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Title: Nutrient uptake by competing roots in soil
Author: Baldwin, John Paul
ISNI:       0000 0001 3441 1068
Awarding Body: University of Oxford
Current Institution: University of Oxford
Date of Award: 1972
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It is postulated that definition of the availability of nutrients in soil t for plant uptake, will not be satisfactory, unless there is consideration of the plant's role as the absorber. The amount of nutrients absorbed by plants from soil can be related to i) the initial concentration in the soil solution, ii) the capacity of the soil to maintain this concentration (the buffer power), iii) the ease of movement of the nutrient to an absorbing root, and iv) the plant demand. These ideas are the foundation of models which successfully describe the nutrient uptake by single roots, growing in an infinite quantity of soil. The aim of the present work was to extend the approach used to explain uptake by single roots, to complete root systems. The requirements for the work are: (i) a theoretical description of nutrient flow to an absorbing, multiple root system; (ii) experiments for examining the proposed hypotheses. When a root absorbs a nutrient, there is a depletion in the nutrient concentration at the root surface. In a system of many roots, the zones of nutrient depletion around each root overlap. This reduces the effective initial concentration in the soil solution. So, in a multiple root system, the soil around each root is limited. The extent of overlap depends on the diffusion coefficient of the nutrient, the plant demand, and the interroot distance. The consequence is a lowering of the concentration at each root surface, below that of a similar root absorbing alone. An electrical analogue (Sanders et al. 1971) of diffusion of solutes to groups of absorbing roots was used to simulate nutrient uptake by plants from soil. The analogue was particularly useful for investigating the general consequences of different plant and soil conditions. To interpret specific plant uptake data, a more flexible computer model of diffusion and mass flow to a root system of variable density, with any specified uptake properties, was developed. For workers interested in an accuracy of ± 20%, an equation for calculating uptake, by systems similar to those which the computer model treats, is presented, which can be solved on a desk calculator. To test the model, experimental data on nutrient uptake, root dimensions and distribution, and soil conditions, during the growth of whole plants in soil was obtained. The computer model predicted the measured plant uptake wall, when values of the plant demand coefficient (which related uptake rate to the external solution concentration) given is the literature, from solution culture work under similar conditions, were used. It is concluded that the theory is an adequate representation of the simple plant-soil system used in the experiments. The expression, relating plant demand to concentration in the soil solution, was simulated on the electrical analogue. The effects of pattern, density, radius and demand coefficient of roots, on the course of uptake of solutes, of varying degrees of mobility, were investigated. Quantitative interrelations between soil and plant characteristics were established, which are discussed in the light of earlier concepts of mobility and availability of nutrients in soil. The uptake of a solute by any root system is roughly determined by the plant demand coefficient and the product of the solute diffusion coefficient, D, the absorption time, t, and the root density, L. The product DtL, for potassium, may often be is the range where root pattern affects uptake. This can be estimated graphically. Theory suggests that the uptake rate of K and K is the plant experiments was reduced by interroot competition. In both experiments, if supply was by physical processes only, the plants were absorbing K from the soil near to a maximum rate, which was set by transport through the soil. In those circumstances, the rate of uptake into a plant is limited by the length of root. Movement through the soil was easily able to supply the plant's requirement of N, until the total quantity was exhausted. It is deduced that this will usually be the case in British arable soils. A major problem, in the experimental determination of plant uptake from soil, results from the inaccessibility of the roots. A technique was devised for estimating the length and pattern of living roots of individual plants, without excessive labour. Radioactive roots are detected by autoradiography as they intersect planes of soil, and the root length par unit volume and rooting pattern follow easily. If two plants are labelled with different isotopes, their root systems can be distinguished. Any spatial interactions between the root systems are detected by the method, and the causes can be inferred. If the roots are extracted from the soil, their length can be automatically measured with an Image Analysing Computer.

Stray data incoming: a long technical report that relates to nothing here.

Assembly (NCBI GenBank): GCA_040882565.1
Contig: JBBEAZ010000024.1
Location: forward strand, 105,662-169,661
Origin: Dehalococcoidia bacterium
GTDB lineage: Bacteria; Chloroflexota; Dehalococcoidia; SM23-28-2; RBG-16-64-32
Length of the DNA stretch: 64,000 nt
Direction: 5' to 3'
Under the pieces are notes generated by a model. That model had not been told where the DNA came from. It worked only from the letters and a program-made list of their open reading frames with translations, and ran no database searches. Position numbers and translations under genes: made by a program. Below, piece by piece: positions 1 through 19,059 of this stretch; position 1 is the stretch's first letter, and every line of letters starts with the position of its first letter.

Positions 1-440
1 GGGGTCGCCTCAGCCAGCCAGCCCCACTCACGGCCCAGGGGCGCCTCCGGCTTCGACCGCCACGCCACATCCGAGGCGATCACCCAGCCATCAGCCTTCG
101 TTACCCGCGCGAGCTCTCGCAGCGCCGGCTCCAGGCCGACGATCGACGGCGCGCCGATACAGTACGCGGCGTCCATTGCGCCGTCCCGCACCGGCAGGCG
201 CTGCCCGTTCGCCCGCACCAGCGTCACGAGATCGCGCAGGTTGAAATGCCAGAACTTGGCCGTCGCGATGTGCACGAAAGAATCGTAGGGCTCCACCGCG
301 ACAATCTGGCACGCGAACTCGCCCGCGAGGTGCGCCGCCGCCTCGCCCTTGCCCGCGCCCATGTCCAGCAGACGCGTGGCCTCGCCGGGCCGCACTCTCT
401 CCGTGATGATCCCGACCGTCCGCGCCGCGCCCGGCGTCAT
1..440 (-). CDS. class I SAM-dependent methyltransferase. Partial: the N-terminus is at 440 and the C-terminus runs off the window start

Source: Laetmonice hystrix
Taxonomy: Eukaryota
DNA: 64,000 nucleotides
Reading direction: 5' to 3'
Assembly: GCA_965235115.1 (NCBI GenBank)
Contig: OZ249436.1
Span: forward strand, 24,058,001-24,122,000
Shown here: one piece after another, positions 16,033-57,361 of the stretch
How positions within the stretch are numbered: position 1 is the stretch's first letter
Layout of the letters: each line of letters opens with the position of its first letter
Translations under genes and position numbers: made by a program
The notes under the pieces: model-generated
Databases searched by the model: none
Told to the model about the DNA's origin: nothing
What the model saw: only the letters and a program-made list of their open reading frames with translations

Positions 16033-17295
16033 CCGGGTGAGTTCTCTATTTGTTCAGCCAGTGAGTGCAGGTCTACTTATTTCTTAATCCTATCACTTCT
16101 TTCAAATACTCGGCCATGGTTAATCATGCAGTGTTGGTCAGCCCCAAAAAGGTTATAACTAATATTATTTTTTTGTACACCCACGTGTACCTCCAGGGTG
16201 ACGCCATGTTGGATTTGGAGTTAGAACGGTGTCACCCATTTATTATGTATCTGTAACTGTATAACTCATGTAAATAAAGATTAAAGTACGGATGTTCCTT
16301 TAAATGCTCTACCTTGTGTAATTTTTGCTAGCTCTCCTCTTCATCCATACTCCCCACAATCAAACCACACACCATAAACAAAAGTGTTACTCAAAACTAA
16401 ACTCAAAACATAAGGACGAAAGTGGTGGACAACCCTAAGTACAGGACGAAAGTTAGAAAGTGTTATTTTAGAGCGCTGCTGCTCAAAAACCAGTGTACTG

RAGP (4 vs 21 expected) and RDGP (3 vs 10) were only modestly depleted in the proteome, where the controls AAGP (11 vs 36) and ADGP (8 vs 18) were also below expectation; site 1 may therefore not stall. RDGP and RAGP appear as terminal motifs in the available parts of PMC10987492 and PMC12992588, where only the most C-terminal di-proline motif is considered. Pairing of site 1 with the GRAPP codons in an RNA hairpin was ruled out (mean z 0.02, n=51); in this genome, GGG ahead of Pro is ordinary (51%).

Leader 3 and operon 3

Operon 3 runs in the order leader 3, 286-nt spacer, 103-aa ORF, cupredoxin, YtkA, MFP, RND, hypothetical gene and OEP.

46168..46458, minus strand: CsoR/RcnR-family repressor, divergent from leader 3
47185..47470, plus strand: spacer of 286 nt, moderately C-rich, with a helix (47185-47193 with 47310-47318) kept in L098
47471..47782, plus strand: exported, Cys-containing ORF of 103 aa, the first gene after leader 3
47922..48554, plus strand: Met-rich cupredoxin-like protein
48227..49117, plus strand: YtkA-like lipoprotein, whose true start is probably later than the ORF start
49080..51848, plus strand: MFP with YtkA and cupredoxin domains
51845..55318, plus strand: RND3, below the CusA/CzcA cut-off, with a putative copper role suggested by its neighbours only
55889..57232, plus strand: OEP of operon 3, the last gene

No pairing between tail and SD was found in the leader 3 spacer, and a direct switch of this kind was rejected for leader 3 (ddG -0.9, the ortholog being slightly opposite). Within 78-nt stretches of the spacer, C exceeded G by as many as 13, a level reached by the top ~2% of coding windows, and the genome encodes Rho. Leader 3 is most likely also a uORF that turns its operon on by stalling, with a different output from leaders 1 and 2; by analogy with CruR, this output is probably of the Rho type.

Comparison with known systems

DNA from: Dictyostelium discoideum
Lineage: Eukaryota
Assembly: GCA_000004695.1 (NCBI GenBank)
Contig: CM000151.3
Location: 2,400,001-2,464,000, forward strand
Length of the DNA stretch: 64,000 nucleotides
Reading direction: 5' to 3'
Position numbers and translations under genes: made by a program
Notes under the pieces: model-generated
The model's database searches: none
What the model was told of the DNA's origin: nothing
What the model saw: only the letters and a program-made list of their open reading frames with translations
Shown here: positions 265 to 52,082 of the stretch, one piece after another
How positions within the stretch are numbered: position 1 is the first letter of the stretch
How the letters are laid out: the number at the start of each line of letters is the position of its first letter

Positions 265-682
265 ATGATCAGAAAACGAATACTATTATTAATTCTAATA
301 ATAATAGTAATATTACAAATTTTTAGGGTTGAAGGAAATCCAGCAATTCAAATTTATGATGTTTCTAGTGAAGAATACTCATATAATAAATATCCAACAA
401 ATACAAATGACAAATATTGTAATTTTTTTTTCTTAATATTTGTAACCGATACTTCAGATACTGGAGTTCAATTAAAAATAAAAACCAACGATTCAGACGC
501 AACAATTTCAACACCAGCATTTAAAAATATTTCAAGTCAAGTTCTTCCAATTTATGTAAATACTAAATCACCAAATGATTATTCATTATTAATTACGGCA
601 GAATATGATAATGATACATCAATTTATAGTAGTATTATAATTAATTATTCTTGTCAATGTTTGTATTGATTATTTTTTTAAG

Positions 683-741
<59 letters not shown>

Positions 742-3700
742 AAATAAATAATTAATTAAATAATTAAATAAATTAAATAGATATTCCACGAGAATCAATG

Supervisor: Not available Sponsor: Not available
Qualification Name: Thesis (Ph.D.) Qualification Level: Doctoral
EThOS ID:  DOI: Not available
Keywords: Roots (Botany) ; Physiology ; Nutrition